The Immigration Health Surcharge (IHS) is set to be increased by a substantial 66% set to take effect from February 6th, 2024. In this article we aim to clarify the intricacies of the IHS, and detail the reasons behind this rise in cost.
What is the Immigration Health Surcharge (IHS Fee)
The Immigration Health Surcharge, commonly referred to as IHS, was instituted on April 6, 2015, as a mandatory contribution from migrants to support the UK’s National Health Service (NHS). It is an upfront cost, paid alongside most visa applications, granting individuals full access to the NHS during their UK stay. Notably, there’s no opt-out option for IHS, even for those who don’t intend to use NHS services or prefer private healthcare. The IHS is applicable for visas lasting six months or more and covers the entire duration of the visa.
When Do You Pay the Immigration Health Surcharge
The Immigration Health Surcharge is a key component of most online visa applications. As applicants fill out the application, they are redirected to the IHS payment page, where the fee is calculated based on the visa type and its duration. It’s important to note that this fee might be rounded up and is subject to the Home Office Exchange Rate Policy, typically 4% above the Oanda live bid rates. Successful payment of the IHS redirects applicants back to the application form and is confirmed via an email that includes the IHS reference number.
When is the IHS Increasing?
The IHS increase is now scheduled for February 6th, 2024. The initial date was planned for January 16th, 2024. The change was finalised following the approval of the Immigration (Health Charge) (Amendment) Order 2023 by a delegated legislation committee of the House of Commons on January 16th, 2024. To avoid the higher fees, we advise our applicants to submit their applications before the new effective date, as this would subject them to the current IHS fee rate.
Why is the Immigration Health Surcharge Increasing
The decision to increase the IHS aligns with the 2019 manifesto commitment, as cited in the equality impact assessment. This assessment states that the increase is intended to “ensure that the Health Charge reflects the full cost to the NHS of treating Health Charge payers.” This move aims to fully cover the NHS services for those who pay the Health Charges, a significant shift from the Government’s earlier justification of using the increase to fund public sector pay rises.
What is the IHS Increasing to and Who is Affected?
The IHS fees are set to rise by 66% from the current rate of £624 for most visa types, or £470 for students, their dependents, and applicants on the Youth Mobility Scheme, as well as children under 18 at the time of their application. These fees are set to rise from their current rates to £1,035 and £776 respectfully per year. This increase follows a previous increase in application fees on October 4th, 2023.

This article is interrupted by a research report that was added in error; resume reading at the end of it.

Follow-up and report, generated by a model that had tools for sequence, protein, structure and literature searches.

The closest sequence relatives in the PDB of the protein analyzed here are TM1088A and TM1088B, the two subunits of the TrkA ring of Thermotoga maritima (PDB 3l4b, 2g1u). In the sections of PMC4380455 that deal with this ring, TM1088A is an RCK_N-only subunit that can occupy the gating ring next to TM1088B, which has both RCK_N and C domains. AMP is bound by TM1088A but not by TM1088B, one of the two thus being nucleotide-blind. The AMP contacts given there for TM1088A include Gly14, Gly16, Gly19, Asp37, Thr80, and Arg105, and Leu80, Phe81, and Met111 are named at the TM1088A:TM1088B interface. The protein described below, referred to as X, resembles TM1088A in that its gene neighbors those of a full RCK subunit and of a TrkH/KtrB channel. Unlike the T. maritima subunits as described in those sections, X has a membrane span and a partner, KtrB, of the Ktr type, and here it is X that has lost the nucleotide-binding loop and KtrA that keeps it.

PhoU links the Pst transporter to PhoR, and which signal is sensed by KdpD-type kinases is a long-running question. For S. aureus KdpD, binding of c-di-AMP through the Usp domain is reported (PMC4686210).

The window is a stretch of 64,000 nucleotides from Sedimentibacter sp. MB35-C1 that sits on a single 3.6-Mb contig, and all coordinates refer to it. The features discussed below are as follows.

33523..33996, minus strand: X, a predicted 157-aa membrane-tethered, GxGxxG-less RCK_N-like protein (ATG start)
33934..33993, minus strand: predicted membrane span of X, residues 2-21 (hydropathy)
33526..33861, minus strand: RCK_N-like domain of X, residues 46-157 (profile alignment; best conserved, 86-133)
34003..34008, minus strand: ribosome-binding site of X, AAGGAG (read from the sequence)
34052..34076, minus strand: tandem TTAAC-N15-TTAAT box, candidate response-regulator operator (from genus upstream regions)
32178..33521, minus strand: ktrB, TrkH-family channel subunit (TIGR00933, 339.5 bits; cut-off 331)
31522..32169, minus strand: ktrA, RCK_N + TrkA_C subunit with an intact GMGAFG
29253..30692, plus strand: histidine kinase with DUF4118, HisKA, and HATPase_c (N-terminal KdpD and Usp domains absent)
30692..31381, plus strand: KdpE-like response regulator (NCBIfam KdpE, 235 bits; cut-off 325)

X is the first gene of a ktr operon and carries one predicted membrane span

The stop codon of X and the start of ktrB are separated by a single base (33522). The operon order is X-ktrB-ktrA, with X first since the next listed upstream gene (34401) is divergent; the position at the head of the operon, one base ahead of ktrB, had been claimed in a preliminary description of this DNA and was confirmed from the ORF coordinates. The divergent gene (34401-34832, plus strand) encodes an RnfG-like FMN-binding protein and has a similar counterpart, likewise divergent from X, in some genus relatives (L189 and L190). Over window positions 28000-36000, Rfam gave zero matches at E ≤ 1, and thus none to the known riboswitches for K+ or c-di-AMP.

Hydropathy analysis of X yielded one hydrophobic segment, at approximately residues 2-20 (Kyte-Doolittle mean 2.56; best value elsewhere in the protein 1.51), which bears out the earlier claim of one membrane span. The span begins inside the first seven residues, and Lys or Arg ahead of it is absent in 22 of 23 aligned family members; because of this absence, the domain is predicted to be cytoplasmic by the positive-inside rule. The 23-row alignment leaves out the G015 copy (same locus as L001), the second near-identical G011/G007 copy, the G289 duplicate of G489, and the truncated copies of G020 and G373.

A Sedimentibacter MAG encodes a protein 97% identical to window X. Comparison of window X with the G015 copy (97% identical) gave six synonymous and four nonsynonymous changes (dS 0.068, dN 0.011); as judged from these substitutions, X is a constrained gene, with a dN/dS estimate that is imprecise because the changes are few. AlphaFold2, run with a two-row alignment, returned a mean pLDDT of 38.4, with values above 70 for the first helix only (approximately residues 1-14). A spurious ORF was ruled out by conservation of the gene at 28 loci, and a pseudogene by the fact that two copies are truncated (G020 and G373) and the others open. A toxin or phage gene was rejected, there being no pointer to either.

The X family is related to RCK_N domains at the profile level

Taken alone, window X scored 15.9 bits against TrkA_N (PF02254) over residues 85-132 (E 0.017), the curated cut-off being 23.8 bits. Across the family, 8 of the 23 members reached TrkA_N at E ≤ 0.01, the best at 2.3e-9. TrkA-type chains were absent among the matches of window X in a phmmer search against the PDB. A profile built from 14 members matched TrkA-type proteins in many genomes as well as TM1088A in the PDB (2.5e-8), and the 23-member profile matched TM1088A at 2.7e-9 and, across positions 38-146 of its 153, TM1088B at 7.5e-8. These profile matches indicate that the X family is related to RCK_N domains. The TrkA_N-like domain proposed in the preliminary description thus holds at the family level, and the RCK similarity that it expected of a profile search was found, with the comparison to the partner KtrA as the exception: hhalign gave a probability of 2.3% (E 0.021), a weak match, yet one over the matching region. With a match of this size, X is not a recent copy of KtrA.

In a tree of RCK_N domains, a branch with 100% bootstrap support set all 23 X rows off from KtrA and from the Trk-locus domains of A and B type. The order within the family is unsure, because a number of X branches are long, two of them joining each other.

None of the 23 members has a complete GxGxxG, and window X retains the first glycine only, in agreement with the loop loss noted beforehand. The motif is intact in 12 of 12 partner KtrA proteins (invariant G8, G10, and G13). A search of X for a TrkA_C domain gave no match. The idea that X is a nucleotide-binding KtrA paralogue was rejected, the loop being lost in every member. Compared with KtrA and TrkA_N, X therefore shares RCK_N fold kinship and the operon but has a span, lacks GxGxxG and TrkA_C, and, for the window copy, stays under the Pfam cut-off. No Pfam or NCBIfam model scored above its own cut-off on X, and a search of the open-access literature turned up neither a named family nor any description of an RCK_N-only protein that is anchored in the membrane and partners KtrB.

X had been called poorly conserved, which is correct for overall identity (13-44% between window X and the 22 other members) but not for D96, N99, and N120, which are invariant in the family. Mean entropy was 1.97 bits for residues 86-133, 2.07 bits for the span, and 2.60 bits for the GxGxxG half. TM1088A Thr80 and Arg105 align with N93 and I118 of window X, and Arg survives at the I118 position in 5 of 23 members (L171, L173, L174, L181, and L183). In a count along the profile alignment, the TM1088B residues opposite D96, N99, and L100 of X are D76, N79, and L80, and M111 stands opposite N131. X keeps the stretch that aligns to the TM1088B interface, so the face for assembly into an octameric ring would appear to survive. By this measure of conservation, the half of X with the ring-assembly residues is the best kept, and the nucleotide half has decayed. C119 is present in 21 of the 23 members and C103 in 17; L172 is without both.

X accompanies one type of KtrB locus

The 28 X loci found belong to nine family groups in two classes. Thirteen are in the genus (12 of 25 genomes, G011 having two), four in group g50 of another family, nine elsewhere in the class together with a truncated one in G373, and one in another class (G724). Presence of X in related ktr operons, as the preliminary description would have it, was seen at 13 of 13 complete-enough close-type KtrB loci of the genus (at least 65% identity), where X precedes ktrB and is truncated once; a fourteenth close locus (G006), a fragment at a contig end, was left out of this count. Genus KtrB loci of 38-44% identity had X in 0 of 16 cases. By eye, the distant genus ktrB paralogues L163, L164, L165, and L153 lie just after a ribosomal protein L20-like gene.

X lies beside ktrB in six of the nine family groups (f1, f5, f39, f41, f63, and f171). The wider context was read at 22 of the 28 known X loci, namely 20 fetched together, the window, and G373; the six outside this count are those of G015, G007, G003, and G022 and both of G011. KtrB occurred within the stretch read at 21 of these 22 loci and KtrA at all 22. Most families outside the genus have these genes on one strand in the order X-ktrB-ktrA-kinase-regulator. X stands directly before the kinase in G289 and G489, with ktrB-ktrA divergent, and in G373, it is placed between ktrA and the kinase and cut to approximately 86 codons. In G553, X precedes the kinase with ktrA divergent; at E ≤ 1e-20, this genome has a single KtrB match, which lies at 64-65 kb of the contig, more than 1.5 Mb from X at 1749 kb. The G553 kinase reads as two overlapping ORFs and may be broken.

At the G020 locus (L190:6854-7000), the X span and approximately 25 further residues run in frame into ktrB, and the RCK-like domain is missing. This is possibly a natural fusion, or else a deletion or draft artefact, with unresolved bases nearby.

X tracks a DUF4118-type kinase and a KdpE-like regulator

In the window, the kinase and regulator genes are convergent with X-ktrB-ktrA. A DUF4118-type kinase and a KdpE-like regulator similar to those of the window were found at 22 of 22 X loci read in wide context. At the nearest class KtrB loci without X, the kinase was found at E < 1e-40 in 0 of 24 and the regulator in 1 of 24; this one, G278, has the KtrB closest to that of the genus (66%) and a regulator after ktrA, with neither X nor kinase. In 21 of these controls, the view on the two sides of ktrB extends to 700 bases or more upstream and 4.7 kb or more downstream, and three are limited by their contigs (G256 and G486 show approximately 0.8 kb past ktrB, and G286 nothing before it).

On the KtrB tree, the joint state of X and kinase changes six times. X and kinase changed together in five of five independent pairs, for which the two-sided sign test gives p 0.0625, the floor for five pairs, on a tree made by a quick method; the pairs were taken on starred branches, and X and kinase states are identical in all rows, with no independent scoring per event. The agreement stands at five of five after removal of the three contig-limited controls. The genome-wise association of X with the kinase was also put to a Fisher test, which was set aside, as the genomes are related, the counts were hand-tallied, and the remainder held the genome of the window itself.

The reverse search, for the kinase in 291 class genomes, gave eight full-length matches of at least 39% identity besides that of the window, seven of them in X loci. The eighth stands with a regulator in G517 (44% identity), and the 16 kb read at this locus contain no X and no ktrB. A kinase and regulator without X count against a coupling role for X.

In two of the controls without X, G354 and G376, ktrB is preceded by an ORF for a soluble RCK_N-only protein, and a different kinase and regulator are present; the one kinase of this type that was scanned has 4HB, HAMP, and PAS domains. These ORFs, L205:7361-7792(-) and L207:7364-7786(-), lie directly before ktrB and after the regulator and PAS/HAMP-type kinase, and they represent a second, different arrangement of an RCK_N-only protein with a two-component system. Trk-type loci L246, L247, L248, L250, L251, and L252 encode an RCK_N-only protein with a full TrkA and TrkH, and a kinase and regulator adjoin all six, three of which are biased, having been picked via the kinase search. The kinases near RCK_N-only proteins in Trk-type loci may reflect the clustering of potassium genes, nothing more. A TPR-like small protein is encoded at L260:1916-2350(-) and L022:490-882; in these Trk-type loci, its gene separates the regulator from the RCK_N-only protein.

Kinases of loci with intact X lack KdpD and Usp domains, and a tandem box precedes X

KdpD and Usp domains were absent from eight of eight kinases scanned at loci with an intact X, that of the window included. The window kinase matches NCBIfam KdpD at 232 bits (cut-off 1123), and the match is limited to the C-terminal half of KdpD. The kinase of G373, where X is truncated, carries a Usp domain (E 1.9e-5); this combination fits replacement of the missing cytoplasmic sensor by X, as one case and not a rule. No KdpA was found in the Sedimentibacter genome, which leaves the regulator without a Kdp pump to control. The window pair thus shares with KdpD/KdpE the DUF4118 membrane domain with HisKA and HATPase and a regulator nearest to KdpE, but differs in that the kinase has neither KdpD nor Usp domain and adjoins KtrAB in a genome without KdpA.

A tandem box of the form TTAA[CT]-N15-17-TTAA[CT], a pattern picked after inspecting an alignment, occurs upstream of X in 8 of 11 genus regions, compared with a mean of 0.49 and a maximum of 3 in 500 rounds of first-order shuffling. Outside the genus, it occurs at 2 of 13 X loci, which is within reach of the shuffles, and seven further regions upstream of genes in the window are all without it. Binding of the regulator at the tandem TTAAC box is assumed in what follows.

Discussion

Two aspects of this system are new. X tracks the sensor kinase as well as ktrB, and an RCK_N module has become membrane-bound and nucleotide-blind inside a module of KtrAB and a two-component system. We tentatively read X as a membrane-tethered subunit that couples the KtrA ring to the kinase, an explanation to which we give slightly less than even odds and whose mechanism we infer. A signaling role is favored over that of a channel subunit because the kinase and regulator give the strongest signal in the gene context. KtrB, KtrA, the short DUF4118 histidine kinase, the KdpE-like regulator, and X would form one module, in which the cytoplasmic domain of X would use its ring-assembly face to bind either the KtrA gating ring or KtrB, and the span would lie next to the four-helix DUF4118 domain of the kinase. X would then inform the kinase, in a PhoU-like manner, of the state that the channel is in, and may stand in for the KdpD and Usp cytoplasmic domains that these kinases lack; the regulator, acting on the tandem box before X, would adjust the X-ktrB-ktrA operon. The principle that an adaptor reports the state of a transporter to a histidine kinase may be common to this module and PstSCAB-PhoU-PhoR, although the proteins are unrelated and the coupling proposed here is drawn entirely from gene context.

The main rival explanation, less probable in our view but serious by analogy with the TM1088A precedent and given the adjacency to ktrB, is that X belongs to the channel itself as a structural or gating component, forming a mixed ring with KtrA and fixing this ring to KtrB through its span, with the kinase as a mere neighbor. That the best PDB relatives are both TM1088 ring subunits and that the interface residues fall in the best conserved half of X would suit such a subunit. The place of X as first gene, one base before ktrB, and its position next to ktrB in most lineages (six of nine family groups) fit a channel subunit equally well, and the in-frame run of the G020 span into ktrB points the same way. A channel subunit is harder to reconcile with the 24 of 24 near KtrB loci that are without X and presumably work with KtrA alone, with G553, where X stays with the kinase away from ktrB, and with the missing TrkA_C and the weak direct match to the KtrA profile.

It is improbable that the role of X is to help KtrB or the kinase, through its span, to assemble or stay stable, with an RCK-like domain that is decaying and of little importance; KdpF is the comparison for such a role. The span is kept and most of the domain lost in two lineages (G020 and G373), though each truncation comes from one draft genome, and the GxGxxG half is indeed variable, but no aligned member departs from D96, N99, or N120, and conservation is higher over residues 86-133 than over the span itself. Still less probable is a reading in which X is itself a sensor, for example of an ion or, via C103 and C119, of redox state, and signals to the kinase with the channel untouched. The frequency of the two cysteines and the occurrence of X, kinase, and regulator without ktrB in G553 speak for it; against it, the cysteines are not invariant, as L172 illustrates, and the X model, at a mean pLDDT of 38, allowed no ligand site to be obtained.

Who is Not Affected by the Immigration Health Surcharge (IHS) Increase
Certain categories of applicants will not be effected by the IHS fee increase. These notably include Health and Care workers, visitors, applicants under the EU Settlement Scheme, Fiancé visa applicants under Appendix FM, and asylum seekers. Furthermore, individuals applying for indefinite leave to remain or British citizenship are exempt from the IHS fee.
Moreover, there is a fee waiver application available to those who demonstrate a credible inability to afford the IHS. To be considered eligible for this waiver, you must be able to provide evidence that you are currently destitute, or that the act of paying the IHS fee would cause you to become destitute.
What Happens if I Do Not Pay the Immigration Health Surcharge
If you do not pay the IHS fee there may be significant consequences. As stated in paragraph 34(4) of the Immigration Rules, an unpaid IHS results in an invalid application, leading to non-processing. If applying from within the UK, expect rejection within 10 working days; from outside the UK, within 7 working days.
Can I Get the Immigration Health Surcharge Refunded?
Refunds for the IHS are possible under certain circumstances. If you decide to withdraw your application or if it is refused, you are eligible to apply for an IHS refund. For a complete guide on how to properly conduct a IHS refund application, including eligibility criteria and procedural steps, visit our detailed guide on IHS refunds.
The upcoming 66% increase in the IHS fee, effective from February 6th, 2024, is a significant change in the area of UK immigration law. In this article we aim to have highlighted the key aspects of the IHS, including its purpose, the rationality behind the increase, affected categories, and the process surrounding how its paid.